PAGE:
0

CMHC PULSE

Cardio Metabolic Health Congress – Official Blog

Obesity Yields Spike in Nonalcoholic Fatty Liver Disease

At the recent annual meeting of the American College of Physicians, it was declared that nonalcoholic fatty liver disease (NAFLD) is the 21st century epidemic in liver disease—given the extraordinary growth in the disease’s prevalence, due to the related epidemics of both obesity and type 2 diabetes mellitus. Statistics indicate that the global prevalence of NAFLD is 24%; almost three-quarters of patients with NAFLD are obese. Zobair M. Younossi, MD, a gastroenterologist who serves as professor and chairman of the department of medicine at the Inova Fairfax campus of Virginia Commonwealth University, conducted a recent meta-analysis of studies from 20 countries, and concluded that the prevalence of NAFLD in individuals with T2DM was 58%.

Quoted in a recent article published in MDedge.com, Dr. Younossi stated: “The prevalence of NAFLD in U.S. kids is about 10%. This is of course part of the coming tsunami because our kids are getting obese, diabetic, and they’re going to have problems with NASH [nonalcoholic steatohepatitis].” NASH, the type of NAFLD that has the strongest prognostic implications, can ultimately progress to cirrhosis, liver failure, or hepatocellular carcinoma. Additionally, findings have demonstrated that NASH is further associated with a significantly greater risk of both liver-related and all-cause mortality than that of non-NASH NAFLD, although NAFLD carries an increased risk of cardiovascular disease: the leading cause of death in that population.

Read more

Limit Screen Time to Reduce Risk of Cardiovascular Disease

Recent advice from the American Heart Association indicates that children should have limited screen time, as it may contribute to future cardiovascular disease. The AHA has emphasized existing recommendations, which suggest limiting screen time for children & teens to no more than 1-2 hours each day. Pediatric cardiologist Dr. Stephen Daniels, a spokesman for the American Heart Association, states: “Screen time is associated with being overweight and obese which is associated with high cholesterol and high blood pressure…Once those risk factors, such as obesity, are in play in childhood, they tend to continue into adulthood.”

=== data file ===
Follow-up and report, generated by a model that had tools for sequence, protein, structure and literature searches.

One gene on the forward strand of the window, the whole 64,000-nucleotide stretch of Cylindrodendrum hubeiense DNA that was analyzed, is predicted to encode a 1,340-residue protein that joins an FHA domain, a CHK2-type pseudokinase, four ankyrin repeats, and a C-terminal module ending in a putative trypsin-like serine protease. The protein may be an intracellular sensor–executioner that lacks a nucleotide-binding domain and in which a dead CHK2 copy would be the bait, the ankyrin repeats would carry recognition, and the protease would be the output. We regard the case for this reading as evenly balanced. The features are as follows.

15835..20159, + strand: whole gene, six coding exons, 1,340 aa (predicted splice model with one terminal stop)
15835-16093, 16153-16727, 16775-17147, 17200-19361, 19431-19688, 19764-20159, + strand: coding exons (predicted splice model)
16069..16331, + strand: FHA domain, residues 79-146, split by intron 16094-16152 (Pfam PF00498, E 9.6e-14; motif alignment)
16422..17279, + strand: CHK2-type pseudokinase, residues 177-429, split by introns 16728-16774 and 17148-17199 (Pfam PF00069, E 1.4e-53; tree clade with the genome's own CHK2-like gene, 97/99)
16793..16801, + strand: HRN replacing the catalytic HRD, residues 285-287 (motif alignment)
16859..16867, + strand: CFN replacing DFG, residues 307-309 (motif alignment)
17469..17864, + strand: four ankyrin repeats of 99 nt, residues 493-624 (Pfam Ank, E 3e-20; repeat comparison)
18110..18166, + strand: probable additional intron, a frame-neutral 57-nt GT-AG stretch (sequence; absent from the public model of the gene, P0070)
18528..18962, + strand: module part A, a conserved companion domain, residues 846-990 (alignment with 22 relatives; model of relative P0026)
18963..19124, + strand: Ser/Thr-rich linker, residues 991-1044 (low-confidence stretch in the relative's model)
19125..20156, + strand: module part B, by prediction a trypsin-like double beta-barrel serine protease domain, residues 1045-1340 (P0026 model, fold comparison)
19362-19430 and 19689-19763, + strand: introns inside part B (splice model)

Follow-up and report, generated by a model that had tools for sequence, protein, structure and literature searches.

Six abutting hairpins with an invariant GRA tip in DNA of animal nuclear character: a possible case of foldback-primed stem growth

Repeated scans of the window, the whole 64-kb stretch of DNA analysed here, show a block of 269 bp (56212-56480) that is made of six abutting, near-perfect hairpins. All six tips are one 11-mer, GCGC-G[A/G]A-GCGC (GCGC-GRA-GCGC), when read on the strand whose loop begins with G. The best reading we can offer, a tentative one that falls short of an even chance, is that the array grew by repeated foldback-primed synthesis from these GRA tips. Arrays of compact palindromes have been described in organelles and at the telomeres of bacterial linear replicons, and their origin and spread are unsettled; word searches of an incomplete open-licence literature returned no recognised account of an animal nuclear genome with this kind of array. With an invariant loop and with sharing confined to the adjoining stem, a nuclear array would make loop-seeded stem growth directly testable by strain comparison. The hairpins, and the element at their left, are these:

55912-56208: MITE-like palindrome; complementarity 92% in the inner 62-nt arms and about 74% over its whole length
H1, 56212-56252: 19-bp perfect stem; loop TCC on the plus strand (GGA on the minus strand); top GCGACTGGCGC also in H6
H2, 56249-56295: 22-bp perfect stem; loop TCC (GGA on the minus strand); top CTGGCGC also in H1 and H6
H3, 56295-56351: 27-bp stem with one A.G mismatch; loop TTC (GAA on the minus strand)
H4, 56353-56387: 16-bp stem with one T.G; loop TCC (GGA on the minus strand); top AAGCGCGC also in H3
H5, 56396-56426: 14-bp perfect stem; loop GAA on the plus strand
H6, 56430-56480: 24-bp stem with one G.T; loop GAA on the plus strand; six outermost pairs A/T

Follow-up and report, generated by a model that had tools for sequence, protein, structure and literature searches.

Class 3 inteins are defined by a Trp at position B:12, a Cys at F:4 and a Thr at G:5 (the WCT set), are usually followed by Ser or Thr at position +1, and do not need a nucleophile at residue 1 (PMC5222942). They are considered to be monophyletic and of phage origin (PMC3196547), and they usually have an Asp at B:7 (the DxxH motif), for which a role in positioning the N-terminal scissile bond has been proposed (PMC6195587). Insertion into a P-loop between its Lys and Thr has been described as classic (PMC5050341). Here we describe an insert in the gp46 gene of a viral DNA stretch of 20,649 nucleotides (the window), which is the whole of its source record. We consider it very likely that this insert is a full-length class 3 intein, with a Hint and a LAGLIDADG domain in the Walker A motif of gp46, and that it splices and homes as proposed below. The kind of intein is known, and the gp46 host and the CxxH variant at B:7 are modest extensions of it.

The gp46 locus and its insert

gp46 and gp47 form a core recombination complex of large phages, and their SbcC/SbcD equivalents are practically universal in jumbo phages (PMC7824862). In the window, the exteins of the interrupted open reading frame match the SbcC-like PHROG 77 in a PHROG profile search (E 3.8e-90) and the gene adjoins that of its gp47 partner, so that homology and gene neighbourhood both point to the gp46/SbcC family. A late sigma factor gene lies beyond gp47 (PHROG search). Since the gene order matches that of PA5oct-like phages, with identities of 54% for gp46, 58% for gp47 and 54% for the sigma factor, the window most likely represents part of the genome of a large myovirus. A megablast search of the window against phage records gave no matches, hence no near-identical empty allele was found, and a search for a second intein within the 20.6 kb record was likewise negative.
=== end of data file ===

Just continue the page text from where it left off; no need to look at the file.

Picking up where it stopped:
The recommendations stem from a review of two decades of science, conducted by an AHA expert panel, regarding the correlation between CVD, stroke, and self-reported screen time by children and teens. The surveyed findings found that the use of mobile screens is up, which has resulted in an overall net increase of screen time. Kids and teens today, between the ages of 8 and 18, are estimated to spend more than 7 hours each day on ‘smartphones, tablets, video games, and other screen-based recreational devices, including television.’

Read more